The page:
Written in Dickensian prose, This House Is Haunted is a striking homage to the classic nineteenth century ghost story. Set in Norfolk in 1867, Eliza Caine responds to an ad for a governess position at Gaudlin Hall. When she arrives at the hall, shaken by an unsettling disturbance that occurred during her travels, she is greeted by the two children now in her care, Isabella and Eustace. There is no adult present to represent her mysterious employer, and the children offer no explanation. Later that night in her room, another terrifying experience further reinforces the sense that something is very wrong.
From the moment Eliza rises the following morning, her every step seems dogged by a malign presence that lives within Gaudlin’s walls. Eliza realizes that if she and the children are to survive its violent attentions, she must first uncover the hall’s long-buried secrets and confront the demons of its past. Clever, captivating, and witty, This House Is Haunted is pure entertainment with a catch.
My rating: 5 of 5 stars
Didn’t take me very long to decide that this book and I were going to have a great love affair. What did I love about it? There really wasn’t anything that I didn’t love about it. When the blurb described it as the classic nineteenth century ghost story, I was skeptical. There have been a lot of other books that made similar claims, and they have been a disappointment. I doubt anyone would be disappointed with this one.
I will not spend a lot of time going over events in this story as the blurb has taken care of that already. What made me love this book more than anything was that it was creepy and chilling rather than disgusting and horrifying. I have always enjoyed literature that revolves around a good mystery and this novel does. There was no need for gore and blood when the story itself was so well written. This is a book that the imagination of the reader can have fun with.
The way the plot twists and events unfold in this story is handled with grace. You may think you have things figured out, but along the way somewhere, Mr. Boyne will surprise you with something you weren’t expecting, thus changing your outlook on what is to happen next.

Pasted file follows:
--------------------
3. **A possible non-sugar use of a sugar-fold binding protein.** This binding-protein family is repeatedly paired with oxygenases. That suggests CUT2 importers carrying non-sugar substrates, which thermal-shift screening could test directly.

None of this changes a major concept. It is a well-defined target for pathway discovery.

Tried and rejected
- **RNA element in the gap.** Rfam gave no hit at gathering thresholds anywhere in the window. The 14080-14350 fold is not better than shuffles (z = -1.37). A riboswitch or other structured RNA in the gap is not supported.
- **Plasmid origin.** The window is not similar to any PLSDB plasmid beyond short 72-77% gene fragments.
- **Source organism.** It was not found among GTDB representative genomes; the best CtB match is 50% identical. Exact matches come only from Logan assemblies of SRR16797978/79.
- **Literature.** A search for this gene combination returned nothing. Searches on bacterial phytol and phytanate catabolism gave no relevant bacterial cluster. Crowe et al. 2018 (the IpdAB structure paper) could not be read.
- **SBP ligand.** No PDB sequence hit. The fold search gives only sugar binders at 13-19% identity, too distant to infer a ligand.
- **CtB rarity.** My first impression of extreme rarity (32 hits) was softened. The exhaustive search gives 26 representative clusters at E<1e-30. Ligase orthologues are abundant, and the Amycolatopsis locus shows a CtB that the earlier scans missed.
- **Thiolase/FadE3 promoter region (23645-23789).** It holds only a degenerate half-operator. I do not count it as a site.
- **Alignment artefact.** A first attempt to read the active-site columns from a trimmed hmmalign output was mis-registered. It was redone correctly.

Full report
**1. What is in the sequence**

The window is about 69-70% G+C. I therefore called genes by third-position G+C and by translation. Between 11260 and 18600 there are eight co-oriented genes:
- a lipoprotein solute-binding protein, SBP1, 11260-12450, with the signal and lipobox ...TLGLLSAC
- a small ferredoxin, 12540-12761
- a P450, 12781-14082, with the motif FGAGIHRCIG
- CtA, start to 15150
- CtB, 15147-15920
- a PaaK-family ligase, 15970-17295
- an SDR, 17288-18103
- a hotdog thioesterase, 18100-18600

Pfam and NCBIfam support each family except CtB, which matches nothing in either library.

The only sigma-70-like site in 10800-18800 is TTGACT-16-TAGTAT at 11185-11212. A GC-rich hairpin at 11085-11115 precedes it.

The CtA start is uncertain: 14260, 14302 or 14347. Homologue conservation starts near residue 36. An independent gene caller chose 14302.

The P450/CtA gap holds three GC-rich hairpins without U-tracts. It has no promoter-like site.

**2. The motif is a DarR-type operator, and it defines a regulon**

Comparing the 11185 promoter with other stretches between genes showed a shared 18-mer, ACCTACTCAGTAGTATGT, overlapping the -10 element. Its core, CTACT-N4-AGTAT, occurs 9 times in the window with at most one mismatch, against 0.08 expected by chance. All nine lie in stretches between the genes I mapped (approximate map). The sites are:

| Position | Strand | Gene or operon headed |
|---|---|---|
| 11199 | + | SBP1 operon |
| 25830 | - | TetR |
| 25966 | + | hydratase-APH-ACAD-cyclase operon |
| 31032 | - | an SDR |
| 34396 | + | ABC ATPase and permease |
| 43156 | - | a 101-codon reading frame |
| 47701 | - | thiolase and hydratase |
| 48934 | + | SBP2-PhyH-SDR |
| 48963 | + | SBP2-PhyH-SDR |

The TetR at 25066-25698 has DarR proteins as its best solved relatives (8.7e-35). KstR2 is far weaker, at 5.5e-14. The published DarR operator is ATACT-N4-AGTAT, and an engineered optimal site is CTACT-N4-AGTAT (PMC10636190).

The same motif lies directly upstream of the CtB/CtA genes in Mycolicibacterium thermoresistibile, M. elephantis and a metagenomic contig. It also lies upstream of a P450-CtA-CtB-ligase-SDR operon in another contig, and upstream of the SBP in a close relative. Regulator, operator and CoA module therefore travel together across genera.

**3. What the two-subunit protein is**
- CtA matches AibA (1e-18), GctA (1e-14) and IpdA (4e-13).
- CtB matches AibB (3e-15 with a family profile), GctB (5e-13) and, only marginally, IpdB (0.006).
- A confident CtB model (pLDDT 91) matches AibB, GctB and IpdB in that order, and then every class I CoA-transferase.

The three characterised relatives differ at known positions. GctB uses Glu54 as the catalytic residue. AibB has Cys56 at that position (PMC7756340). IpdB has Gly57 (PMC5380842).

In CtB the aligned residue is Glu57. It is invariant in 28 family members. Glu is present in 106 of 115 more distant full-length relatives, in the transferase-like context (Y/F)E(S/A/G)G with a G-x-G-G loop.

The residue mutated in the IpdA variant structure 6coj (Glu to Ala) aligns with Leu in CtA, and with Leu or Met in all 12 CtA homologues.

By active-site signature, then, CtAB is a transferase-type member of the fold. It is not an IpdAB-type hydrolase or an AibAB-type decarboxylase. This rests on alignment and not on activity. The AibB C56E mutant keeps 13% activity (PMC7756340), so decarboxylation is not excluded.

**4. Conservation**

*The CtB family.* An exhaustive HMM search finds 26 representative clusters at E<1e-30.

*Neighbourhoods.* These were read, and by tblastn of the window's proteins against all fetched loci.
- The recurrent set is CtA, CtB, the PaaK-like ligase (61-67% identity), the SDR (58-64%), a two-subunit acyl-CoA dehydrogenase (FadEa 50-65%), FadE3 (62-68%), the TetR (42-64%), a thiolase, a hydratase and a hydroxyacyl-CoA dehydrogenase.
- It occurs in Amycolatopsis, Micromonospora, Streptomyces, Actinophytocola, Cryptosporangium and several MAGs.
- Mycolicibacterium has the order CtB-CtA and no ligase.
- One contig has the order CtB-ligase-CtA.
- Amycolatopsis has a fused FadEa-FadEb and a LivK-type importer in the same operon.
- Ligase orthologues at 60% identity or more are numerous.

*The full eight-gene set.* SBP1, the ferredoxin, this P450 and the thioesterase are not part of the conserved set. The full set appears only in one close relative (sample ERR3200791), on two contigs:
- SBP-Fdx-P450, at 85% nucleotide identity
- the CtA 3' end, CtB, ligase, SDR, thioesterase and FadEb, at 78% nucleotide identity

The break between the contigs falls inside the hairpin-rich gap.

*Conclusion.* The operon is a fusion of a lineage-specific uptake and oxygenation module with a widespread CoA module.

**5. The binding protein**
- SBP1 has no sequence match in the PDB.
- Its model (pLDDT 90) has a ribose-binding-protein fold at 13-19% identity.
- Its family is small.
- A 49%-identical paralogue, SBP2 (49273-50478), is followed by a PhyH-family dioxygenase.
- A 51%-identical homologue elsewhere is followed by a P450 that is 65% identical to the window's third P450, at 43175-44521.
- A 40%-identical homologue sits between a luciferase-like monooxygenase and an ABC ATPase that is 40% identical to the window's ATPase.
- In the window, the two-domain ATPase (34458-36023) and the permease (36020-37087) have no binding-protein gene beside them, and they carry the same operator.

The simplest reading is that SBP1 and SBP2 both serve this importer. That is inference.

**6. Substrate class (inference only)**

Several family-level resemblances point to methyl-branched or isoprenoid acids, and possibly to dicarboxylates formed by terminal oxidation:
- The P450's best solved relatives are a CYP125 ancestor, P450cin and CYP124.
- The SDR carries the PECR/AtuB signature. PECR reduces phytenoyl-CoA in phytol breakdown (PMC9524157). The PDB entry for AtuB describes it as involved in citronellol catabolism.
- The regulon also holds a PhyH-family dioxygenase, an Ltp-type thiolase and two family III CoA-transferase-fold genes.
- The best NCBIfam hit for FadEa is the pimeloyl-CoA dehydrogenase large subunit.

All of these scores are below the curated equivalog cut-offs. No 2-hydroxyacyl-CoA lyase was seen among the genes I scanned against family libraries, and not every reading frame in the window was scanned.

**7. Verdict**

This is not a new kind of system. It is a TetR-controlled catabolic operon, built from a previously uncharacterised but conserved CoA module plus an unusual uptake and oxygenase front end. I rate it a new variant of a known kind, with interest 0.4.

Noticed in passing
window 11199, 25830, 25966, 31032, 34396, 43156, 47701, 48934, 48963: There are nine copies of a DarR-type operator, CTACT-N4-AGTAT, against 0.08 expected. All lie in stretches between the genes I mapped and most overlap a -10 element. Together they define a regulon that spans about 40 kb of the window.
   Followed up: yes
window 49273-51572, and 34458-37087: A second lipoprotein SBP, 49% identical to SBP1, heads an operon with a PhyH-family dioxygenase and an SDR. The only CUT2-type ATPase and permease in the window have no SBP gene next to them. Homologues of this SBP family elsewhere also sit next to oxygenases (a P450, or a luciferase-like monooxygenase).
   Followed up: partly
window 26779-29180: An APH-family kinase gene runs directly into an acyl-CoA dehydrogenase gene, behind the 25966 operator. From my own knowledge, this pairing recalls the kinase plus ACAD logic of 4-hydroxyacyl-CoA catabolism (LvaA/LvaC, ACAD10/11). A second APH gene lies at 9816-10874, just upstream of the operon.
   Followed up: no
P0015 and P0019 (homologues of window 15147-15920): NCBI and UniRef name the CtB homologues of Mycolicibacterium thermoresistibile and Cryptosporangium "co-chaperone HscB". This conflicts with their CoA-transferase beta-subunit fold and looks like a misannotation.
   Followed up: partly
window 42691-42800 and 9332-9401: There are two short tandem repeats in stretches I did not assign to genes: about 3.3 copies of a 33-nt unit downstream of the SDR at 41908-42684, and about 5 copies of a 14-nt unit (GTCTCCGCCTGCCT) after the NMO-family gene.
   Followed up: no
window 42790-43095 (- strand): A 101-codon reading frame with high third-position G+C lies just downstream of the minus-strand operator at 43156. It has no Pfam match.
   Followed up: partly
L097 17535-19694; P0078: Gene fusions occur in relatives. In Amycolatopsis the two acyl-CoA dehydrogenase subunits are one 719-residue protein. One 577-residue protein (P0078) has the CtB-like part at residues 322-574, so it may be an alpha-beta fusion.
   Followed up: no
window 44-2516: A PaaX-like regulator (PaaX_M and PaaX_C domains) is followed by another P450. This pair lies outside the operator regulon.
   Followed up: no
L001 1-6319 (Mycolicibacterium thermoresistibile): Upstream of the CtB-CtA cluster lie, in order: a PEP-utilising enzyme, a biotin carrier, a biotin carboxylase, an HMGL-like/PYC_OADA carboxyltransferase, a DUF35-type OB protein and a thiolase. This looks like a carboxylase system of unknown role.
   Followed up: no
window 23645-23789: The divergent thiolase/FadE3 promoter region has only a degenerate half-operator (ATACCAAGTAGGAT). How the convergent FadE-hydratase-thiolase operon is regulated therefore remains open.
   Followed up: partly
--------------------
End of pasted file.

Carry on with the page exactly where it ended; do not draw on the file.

I was particularly enthralled with the strange dynamic between Isabella and her Brother Eustace. She was a curiosity throughout the entire story, as I was never sure if she was what she claimed to be. This made the story far more interesting.
The main character is introduced to the story in such a manner that you feel you have come to know her and much about her life before the rest of the book begins. This was lovely. I was concerned for her safety and stayed right with her throughout the entirety of the tale. She is a likable main character, strong, intelligent and able to command the attention of the reader. There is a hint of romance, but it does not consume the book.
The climax of this tale is worthy of being called a ghost story. Where many other books have failed at giving the reader a believable basis for why paranormal events would happen, this one succeeded. The plot is tight, makes sense and leaves you in anticipation of the final events. Even through the last word of the book I was hooked.
I definitely recommend this book. In fact, you should be reading this book instead of my review. Go…read. You will be happy you did.
Dickens would be proud, I believe.
This review is based on a digital ARC from the publisher and provided in agreement with Netgalley.